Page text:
Boxes are practical containers, but they also induce anticipation when closed and excitement upon opening. Like the mandrel itself, I wanted the box to give pleasure more than anything else.
Jewellery is about making things that are beautiful to give pleasure and I was making tools for a jeweller, so I wanted them to be delightful . Why people make beautiful jewellery and how it makes our lives interesting are quite deep things to ponder, but hey - beauty is lovely, so if your going to do it, do it lovely.
Philosophy aside, the two design questions for the box were:
- what should the box look and feel like?
- what should I make it from?
It was not immediately obvious what shape to make the box. I wanted it to be practical as well as lovely. Boxes are protection for something special enough to need protecting. But of course, most of the time boxes are just containers lying about in your space and needs to take up as little of that space as possible and fit in with lots of other things. After considering a few shapes, I decided to make it a really basic shape that took up as little space as possible while retaining a hint of what is within it. After rejecting lots of fancier shapes, I decided to make it a basic flat, essentially rectangular box, but clip the corners to add an octagonal feel to it.
BUT boxes are really not just practical things. They have promise. I wanted this box to be something lovely so that getting it out and opening it would be something that pleases...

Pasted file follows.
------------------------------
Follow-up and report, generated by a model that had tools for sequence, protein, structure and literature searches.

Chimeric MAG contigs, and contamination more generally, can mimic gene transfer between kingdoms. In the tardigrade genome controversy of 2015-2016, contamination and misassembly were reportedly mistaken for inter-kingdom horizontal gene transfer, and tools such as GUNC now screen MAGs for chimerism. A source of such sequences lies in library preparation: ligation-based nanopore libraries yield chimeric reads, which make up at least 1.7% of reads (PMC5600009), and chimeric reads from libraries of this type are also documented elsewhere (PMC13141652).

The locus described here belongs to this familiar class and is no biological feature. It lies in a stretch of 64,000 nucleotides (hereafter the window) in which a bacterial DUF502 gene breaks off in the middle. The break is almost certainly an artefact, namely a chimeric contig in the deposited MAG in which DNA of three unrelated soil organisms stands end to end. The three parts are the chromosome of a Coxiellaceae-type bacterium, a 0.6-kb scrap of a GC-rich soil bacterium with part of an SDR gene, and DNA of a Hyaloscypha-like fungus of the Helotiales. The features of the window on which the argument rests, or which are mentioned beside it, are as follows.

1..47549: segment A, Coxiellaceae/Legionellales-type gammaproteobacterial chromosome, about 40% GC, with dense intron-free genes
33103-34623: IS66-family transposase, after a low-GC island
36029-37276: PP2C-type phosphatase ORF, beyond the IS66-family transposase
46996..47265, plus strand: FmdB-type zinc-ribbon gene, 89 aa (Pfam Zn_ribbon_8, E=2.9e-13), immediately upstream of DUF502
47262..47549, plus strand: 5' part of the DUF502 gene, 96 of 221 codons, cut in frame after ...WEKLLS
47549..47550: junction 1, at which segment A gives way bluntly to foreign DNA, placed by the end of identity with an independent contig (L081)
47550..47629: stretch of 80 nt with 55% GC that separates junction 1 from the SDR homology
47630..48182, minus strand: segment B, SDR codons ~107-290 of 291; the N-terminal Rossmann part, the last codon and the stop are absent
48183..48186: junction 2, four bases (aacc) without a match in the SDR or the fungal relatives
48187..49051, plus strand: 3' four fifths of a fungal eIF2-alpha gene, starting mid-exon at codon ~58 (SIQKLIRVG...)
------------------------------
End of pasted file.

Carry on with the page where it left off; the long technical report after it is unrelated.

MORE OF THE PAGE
The first thing was to just lay out the mandrel components and see what looked and felt good. The octagonal base with its rich and warm oak was the largest shape and dominated the layout. The sleek shininess of the steel mandrel then needed to be place next to it in a layout that felt good. The nuts and washers and assembly spanner were then fitted around the base and mandrel.
Step 6: Reclaiming Wood for the Box
The side walls of the box were made by reclaiming the thin oak pieces from the the bookcase. These just happened to be of almost exactly the same width as was needed. They also already had a recessed groove routed in them. In the bookcase from which they came, the grooves held the plywood sheets that would I was going to use to make the two faces of the box (the top and bottom).
The oak as retrieved from the bookcase was covered in dark varnish. To remove this, I used my slightly scary planer-thicknesser. Obviously reclaimed wood has things like nails in it and these will mangle the blades on the planer, so they all had to be carefully removed first.
Finally, I created a rebate along both edges of the pieces with the router. This was easy because I could just rout off one side of the existing recess groove they all had already.